The latest experiment was designed to find out whether – the results of this modelling notwithstanding – cosmic rays could in fact generate significant quantities of CCNs. To do so, Svensmark and colleagues measured the number and size of aerosols produced over extended periods – up to 36 hours – inside an 8 m3 stainless-steel chamber filled with varying concentrations of water vapour, ozone and sulphur dioxide. The chamber was exposed to ultraviolet radiation in order to stimulate production of sulphuric acid – one of the main components of atmospheric aerosols – as well as ionizing radiation from two caesium-137 gamma-ray sources, to mimic incoming cosmic rays.
First, the researchers carried out a control experiment in which they continually injected pre-made small aerosols into the chamber but kept the production of sulphuric acid – which is needed to feed the growing aerosols – constant, without ionization. As expected, there was not enough sulphuric acid to go around and hardly any clusters grew to more than 30–40 nm in diameter. But when the researchers let the clusters form of their own accord inside the chamber and switched on the ionization, the result was significant numbers of aerosols measuring at least 50 nm across – large enough to serve as CCNs.
More experiments needed
In their paper reporting the results, the researchers point out that this growth of larger aerosols presumably requires the generation of fresh raw material inside the experiment. They suggest that, thanks to the ionization, "the charged clusters are producing additional sulphuric-acid molecules from reactions involving negative-ion chemistry of ozone, sulphur dioxide and water". Svensmark, however, described this proposed mechanism as just a "guess", and said that the group hopes to carry out a new round of experiments in order to identify the substance being produced. "This is something that needs to be investigated in more detail," he added, "but it is potentially an important piece in the puzzle of how cosmic rays affect cloud formation."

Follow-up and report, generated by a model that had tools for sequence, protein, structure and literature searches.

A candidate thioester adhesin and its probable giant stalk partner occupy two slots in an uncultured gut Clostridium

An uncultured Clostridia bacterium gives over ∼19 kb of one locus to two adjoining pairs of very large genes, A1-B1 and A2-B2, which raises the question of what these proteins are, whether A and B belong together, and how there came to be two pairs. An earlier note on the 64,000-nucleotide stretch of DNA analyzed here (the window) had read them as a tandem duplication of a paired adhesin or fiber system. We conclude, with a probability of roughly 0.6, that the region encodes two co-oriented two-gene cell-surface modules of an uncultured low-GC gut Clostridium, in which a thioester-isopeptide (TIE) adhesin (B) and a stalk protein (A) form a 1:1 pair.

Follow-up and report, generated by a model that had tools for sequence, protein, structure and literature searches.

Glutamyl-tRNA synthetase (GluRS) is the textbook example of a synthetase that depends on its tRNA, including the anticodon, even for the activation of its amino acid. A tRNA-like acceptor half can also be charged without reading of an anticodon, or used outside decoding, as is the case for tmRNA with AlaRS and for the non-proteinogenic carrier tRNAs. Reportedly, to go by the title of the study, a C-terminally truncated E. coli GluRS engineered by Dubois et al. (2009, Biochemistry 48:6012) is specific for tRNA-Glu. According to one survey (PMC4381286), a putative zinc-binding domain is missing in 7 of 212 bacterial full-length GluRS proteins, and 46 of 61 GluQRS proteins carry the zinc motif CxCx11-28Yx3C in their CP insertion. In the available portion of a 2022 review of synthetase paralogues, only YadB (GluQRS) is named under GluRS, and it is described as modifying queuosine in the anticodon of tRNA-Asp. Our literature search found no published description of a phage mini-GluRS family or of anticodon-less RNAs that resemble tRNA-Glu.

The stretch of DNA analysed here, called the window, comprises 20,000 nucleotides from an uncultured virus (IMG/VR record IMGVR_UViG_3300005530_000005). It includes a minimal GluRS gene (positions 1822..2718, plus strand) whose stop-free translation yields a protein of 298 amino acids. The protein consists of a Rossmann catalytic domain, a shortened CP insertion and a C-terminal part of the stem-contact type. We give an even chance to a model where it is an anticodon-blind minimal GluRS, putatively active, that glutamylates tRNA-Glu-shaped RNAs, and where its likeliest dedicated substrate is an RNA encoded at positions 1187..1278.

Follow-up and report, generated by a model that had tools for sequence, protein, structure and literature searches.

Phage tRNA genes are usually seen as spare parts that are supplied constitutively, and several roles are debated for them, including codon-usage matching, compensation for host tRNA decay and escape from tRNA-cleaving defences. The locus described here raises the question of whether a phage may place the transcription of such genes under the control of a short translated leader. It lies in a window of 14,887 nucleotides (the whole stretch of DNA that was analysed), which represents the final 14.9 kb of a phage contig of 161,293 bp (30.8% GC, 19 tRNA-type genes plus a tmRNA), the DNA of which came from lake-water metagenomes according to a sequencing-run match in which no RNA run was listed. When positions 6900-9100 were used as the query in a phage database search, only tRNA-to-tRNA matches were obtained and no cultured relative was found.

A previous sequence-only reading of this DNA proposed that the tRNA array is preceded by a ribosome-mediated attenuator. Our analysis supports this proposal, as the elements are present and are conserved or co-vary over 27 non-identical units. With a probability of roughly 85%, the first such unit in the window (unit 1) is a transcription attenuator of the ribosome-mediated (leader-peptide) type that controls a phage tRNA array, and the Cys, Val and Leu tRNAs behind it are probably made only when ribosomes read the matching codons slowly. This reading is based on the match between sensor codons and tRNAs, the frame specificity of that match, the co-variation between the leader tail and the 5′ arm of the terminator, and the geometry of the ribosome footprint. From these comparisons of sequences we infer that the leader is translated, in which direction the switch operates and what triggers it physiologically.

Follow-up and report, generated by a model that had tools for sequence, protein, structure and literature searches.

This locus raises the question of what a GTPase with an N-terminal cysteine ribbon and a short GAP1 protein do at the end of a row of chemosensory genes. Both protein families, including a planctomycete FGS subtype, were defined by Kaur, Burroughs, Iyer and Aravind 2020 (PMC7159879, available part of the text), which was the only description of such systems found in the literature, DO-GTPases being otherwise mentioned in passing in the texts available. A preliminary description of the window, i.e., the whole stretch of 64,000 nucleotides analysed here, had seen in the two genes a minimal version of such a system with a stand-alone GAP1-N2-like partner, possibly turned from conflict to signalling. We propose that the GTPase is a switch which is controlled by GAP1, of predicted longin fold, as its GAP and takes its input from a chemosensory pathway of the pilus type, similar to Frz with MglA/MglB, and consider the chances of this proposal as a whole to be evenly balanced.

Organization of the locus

Others, however, remain to be convinced. Pierce, who carried out the earlier modelling work, described the result as "an extremely interesting and potentially important finding", but he questioned just how many CCNs could be produced in this way in the real atmosphere. "It is not clear", he said, "how much of an effect a 10% change in the cosmic-ray flux – which would occur from the solar minimum to the solar maximum – would affect sulphuric-acid production, CCN formation and clouds."
In fact, according to Gavin Schmidt of the NASA Goddard Institute for Space Studies in New York, proving the real-world applicability of its aerosol research is only one of several hurdles that the Danish group must overcome. Others, he says, relate to cloud properties, degree of radiative forcing and climate trends. "The researchers have a really long way to go before they can convince anyone that this is fundamental to climate change," he added.
There is also an experiment at CERN in Switzerland that is investigating the possible links between cosmic rays and clouds. In the video below, CERN's Jasper Kirby explains the aims of the CLOUD experiment, which mimics conditions in the Earth's atmosphere.